For now, many of us still cringe when influencers are caught faking their realities, like this couple busted for pretending they were jet-setting when they were actually just on a jet set, or this couple’s faux engagement that went viral. But ask yourself, if you had gone to *that* metal obelisk in the desert, would you have not posted a photo to social? Now, imagine it’s really hard to get to and you don’t have time, but with a little tech and photoshop chops you can create a photo that no one can tell is fake. For a social influencer with an army of anonymous lovers, is it taboo or just good business? Why spend the money, time, and for now the potential health risk to get quick content, when you could just create it at home? And would your followers actually care if you were upfront about it—just like tagging #AD on sponsored content but instead tagging #AR?

And for brands, if influence and cultural relevance is the North Star, and there’s significant momentum toward simulated content being influential and culturally relevant, then a future where we have an infinite pool of talent to cast in campaigns isn’t so far off. A reality where we can simply create at the pace of our imagination and invest in technologists and creators instead of personalities and places.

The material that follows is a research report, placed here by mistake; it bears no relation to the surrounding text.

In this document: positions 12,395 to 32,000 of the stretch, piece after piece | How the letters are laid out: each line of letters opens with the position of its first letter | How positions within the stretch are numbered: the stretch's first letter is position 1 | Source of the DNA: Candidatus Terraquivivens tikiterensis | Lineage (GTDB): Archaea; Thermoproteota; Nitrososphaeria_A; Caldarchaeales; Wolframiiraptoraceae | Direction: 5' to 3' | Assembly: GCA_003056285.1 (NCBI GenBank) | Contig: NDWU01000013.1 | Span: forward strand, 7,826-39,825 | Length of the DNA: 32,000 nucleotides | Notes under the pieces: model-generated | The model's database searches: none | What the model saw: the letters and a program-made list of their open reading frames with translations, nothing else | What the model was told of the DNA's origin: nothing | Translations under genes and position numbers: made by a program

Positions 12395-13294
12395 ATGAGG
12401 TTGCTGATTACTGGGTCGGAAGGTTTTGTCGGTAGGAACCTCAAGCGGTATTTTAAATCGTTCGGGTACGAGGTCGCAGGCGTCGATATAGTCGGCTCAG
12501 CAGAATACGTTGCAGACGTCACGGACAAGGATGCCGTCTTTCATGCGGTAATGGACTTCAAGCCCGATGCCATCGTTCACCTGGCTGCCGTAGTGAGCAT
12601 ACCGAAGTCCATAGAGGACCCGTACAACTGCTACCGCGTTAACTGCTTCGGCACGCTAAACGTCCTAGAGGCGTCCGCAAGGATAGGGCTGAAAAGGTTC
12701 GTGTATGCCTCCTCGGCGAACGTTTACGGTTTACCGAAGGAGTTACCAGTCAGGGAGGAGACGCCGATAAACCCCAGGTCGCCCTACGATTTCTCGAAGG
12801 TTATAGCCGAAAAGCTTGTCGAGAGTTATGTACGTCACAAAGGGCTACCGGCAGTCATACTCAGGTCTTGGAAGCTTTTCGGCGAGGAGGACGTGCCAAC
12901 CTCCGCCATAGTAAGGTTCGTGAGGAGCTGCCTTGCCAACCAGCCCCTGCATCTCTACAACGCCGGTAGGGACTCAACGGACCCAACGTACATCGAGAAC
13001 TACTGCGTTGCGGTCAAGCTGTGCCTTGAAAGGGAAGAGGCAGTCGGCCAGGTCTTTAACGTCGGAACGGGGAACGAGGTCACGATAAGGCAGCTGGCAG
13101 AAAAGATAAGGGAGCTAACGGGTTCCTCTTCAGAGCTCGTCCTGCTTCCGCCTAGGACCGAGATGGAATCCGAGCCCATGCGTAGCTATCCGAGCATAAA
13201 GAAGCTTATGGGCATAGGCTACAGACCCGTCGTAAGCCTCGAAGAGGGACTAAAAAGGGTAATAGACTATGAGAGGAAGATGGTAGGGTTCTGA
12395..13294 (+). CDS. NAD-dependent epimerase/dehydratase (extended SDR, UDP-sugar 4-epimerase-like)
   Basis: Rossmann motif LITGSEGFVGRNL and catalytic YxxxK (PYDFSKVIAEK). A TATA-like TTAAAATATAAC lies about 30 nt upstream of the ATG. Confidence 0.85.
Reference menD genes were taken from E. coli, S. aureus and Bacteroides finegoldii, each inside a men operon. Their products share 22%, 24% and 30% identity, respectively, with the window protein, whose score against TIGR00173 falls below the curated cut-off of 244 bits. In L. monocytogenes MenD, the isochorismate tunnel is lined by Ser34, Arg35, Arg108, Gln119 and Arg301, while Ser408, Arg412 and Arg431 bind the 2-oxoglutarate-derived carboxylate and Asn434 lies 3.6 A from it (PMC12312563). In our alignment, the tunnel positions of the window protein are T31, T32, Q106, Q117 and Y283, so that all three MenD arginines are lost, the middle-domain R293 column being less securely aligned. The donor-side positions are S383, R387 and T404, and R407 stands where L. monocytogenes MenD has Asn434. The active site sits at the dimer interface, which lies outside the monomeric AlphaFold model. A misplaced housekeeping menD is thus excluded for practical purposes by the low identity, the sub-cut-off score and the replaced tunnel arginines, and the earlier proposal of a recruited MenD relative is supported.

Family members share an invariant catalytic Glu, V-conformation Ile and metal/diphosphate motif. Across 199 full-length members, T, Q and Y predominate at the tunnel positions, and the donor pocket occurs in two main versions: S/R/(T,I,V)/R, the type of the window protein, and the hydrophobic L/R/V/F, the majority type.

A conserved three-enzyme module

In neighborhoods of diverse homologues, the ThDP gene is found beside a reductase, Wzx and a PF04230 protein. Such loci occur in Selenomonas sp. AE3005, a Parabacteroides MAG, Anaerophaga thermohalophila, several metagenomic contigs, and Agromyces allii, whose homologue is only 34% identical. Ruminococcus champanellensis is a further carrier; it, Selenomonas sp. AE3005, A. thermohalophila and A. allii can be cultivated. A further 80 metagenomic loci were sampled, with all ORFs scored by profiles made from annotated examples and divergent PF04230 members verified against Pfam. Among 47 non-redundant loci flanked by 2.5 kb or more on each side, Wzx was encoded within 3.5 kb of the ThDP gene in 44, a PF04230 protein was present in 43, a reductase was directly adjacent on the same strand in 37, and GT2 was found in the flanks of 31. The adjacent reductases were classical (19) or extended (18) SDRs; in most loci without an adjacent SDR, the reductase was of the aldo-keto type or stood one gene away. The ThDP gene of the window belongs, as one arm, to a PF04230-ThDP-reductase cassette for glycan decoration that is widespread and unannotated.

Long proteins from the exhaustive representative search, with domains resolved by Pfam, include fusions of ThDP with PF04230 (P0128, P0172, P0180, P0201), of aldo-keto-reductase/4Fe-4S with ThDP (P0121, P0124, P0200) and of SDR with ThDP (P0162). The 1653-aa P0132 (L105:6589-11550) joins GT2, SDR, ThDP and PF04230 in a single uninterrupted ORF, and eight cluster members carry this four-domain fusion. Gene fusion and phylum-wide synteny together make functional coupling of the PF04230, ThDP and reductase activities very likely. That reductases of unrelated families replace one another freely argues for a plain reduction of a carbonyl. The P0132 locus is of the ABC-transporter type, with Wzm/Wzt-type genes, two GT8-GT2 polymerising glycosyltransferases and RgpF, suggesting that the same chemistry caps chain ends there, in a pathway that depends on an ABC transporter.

And for brands, if influence and cultural relevance is the North Star, and there’s significant momentum toward simulated content being influential and culturally relevant, then a future where we have an infinite pool of talent to cast in campaigns isn’t so far off. A reality where we can simply create at the pace of our imagination and invest in technologists and creators instead of personalities and places.

Quarantine has come at a time in culture where showing off is at its peak; people like to follow those with lifestyles that feel out of reach. And parallel to that, technology, especially with the rollout of 5G, has become powerful and accessible enough to simulate reality relatively easily. And so, if Lil Miquela’s followers don’t seem to mind a simulated reality, maybe others wouldn’t mind either. At the risk of sounding angsty and existential, I’m left wondering if “real” in the physical world is no longer relevant in the future we’re barreling toward.

Quarantine has come at a time in culture where showing off is at its peak; people like to follow those with lifestyles that feel out of reach. And parallel to that, technology, especially with the rollout of 5G, has become powerful and accessible enough to simulate reality relatively easily. And so, if Lil Miquela’s followers don’t seem to mind a simulated reality, maybe others wouldn’t mind either. At the risk of sounding angsty and existential, I’m left wondering if “real” in the physical world is no longer relevant in the future we’re barreling toward.